In this study, two frames were analyzed. First, when the penalty taker starts the run-up into the ball and, second, when he touches the ball (Figure 1). Then, the target variables for the penalty taker (nonkick foot orientation, hips, and shoulders) and the goalkeeper [anticipation movement (explained in detail below) and right and left foot orientation] were extracted. There might be blurry frames and overlap of players. OpenPose could then fail to detect the main biometric body parts of the two players involved in this analysis; therefore, in this case, the neighboring frames, in which biometric body parts can be detected, were used.
Once the pose was extracted for the goalkeeper and penalty taker, the direct linear transformation (DLT) algorithm (Hartley and Zisserman, 2004) was used to map the coordinate information of players into a 2D field with a homography, given the 4 field corners' coordinates in the image (or its projection out of the image in the nonvisible cases). The homography was first calculated based on four 2D-to-2D point correspondences between the frames (Equation 1). From the output of OpenPose, the coordinates of the main upper-torso parts are found in the image domain; by mapping the LR pair (either shoulders or hips) in the 2D field, a first insight of the player orientation is obtained. The player can be inclined toward the right (0–90 and 270–360°) or the left (90–270°) side of the field.
After that, the 2D field projections of the LR pair of penalty taker's shoulders, hips, and nonkicking foot (big toe and small toe) were calculated. All the body parts' orientations could point to the left or right half, based on the angle system presented by Sangüesa et al. (2019, 2020a,b). Based on the 2D projection, LR-side Booleans (LRSh, LRHi, and LRSF: penalty kicker's shoulder, hips, and non-kicking foot orientation, respectively), angles (αSh αHi, and αSF: penalty kicker's shoulder, hip, and non-kicking foot, respectively), and confidences (CSh, CHi, and CSF: confidence score of the orientation of penalty kicker's shoulder, hip, and non-kicking foot, respectively) were obtained. The corresponding confidences are the average of OpenPose's player toes, shoulders, and hips confidences, respectively. Figure 1 shows the output of OpenPose on which the key biometric body parts of an individual are detected, illustrating the estimation process of orientation.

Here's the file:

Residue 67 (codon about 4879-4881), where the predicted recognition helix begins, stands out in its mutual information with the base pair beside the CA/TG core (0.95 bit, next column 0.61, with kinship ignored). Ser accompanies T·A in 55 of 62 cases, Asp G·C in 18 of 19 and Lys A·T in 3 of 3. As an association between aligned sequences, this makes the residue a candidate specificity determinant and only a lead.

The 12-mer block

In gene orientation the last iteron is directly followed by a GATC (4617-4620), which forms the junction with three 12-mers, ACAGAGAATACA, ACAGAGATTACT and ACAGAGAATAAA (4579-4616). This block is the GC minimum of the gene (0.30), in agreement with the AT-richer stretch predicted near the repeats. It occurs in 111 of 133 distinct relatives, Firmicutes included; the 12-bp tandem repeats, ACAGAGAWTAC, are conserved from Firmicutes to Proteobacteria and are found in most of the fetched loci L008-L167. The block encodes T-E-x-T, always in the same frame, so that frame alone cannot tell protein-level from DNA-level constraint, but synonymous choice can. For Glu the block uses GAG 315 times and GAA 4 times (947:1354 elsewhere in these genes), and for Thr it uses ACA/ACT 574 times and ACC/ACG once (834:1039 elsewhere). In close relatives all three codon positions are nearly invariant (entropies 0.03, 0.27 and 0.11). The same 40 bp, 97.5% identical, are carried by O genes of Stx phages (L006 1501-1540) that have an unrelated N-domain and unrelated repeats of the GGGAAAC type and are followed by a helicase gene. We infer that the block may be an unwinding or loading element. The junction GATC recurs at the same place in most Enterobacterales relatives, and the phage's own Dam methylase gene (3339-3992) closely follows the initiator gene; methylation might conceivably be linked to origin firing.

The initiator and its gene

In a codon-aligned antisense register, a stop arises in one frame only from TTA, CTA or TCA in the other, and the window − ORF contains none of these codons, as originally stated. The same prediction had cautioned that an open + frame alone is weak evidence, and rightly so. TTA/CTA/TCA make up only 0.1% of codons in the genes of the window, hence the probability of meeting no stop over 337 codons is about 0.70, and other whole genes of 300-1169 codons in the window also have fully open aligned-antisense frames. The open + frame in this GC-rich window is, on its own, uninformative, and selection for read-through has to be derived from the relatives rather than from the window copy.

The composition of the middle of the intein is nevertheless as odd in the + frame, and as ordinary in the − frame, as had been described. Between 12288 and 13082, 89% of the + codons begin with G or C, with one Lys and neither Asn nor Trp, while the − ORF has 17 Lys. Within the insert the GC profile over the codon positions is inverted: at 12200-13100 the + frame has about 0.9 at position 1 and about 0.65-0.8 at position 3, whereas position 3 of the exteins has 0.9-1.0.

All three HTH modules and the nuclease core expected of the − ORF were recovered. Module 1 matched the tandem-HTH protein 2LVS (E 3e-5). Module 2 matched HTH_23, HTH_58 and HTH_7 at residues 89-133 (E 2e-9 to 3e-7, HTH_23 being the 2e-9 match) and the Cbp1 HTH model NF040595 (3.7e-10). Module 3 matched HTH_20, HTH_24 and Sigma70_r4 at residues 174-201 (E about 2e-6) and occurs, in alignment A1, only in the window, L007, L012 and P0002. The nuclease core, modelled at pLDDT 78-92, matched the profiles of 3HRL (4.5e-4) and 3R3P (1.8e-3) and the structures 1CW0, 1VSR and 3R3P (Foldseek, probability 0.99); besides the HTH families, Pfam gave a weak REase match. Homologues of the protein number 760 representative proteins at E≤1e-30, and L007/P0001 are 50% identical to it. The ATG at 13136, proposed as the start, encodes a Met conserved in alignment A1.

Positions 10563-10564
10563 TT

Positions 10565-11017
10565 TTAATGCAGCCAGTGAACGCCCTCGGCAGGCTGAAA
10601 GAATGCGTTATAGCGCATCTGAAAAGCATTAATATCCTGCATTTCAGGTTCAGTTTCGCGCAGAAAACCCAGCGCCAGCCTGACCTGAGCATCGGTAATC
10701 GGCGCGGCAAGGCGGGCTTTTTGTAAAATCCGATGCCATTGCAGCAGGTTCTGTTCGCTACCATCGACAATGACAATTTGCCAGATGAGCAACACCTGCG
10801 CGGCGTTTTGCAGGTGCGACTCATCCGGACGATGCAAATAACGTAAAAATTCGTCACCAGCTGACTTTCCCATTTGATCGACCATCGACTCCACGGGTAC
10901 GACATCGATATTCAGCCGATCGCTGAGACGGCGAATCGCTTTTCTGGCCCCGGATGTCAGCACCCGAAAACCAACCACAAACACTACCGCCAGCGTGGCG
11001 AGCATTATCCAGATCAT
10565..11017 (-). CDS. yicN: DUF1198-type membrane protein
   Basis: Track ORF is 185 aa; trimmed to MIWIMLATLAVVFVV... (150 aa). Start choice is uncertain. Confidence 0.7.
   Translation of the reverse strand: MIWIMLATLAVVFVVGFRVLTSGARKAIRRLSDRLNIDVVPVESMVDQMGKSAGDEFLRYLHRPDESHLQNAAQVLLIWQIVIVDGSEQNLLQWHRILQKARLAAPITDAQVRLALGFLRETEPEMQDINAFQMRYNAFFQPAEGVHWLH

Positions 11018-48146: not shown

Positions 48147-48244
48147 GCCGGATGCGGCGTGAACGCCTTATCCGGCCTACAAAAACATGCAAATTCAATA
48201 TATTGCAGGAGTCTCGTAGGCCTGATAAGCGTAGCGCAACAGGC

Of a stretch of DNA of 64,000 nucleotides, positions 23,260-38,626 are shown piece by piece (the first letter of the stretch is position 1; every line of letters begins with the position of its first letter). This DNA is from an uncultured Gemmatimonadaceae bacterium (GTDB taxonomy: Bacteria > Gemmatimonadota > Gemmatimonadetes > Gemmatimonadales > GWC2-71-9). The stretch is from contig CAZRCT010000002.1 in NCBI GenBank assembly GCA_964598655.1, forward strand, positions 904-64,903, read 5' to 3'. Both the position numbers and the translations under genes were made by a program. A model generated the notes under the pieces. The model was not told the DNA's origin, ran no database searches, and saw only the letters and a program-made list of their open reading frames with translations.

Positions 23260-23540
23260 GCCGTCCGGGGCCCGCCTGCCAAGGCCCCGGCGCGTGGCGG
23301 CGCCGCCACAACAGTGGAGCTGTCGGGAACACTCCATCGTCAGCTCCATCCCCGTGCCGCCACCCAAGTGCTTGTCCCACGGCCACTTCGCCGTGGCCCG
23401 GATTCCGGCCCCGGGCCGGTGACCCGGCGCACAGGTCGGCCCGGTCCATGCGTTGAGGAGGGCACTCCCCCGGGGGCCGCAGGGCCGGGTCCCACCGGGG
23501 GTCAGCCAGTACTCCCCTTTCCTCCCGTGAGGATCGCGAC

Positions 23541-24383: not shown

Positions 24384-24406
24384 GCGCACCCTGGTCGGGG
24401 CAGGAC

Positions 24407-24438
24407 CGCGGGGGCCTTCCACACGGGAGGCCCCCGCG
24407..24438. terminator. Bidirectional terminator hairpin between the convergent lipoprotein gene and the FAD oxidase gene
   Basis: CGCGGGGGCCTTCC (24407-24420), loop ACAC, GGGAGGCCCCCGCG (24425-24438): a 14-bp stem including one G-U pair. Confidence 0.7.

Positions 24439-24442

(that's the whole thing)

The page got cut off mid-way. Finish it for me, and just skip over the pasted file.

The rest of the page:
Anticipation Movement of the Goalkeeper
The anticipation movement of the goalkeeper in the penalty kick was defined here as to how far the goalkeeper moves between: (1) the moment when the penalty taker starts the run-up approaching the ball and the (2) moment when the penalty taker first touches the ball. In detail, the line formed by the connection between the goalkeeper's neck and the middle of the hip was used to depict the position status of the goalkeeper in these two moments. Furthermore, the angle (αGK) between the two lines drawn from the two moments measures the anticipation movement of the goalkeeper. The confidence level for this measure (CGK) was calculated by the average confidence scores of the neck and middle of the hip. This process is given in Figure 1.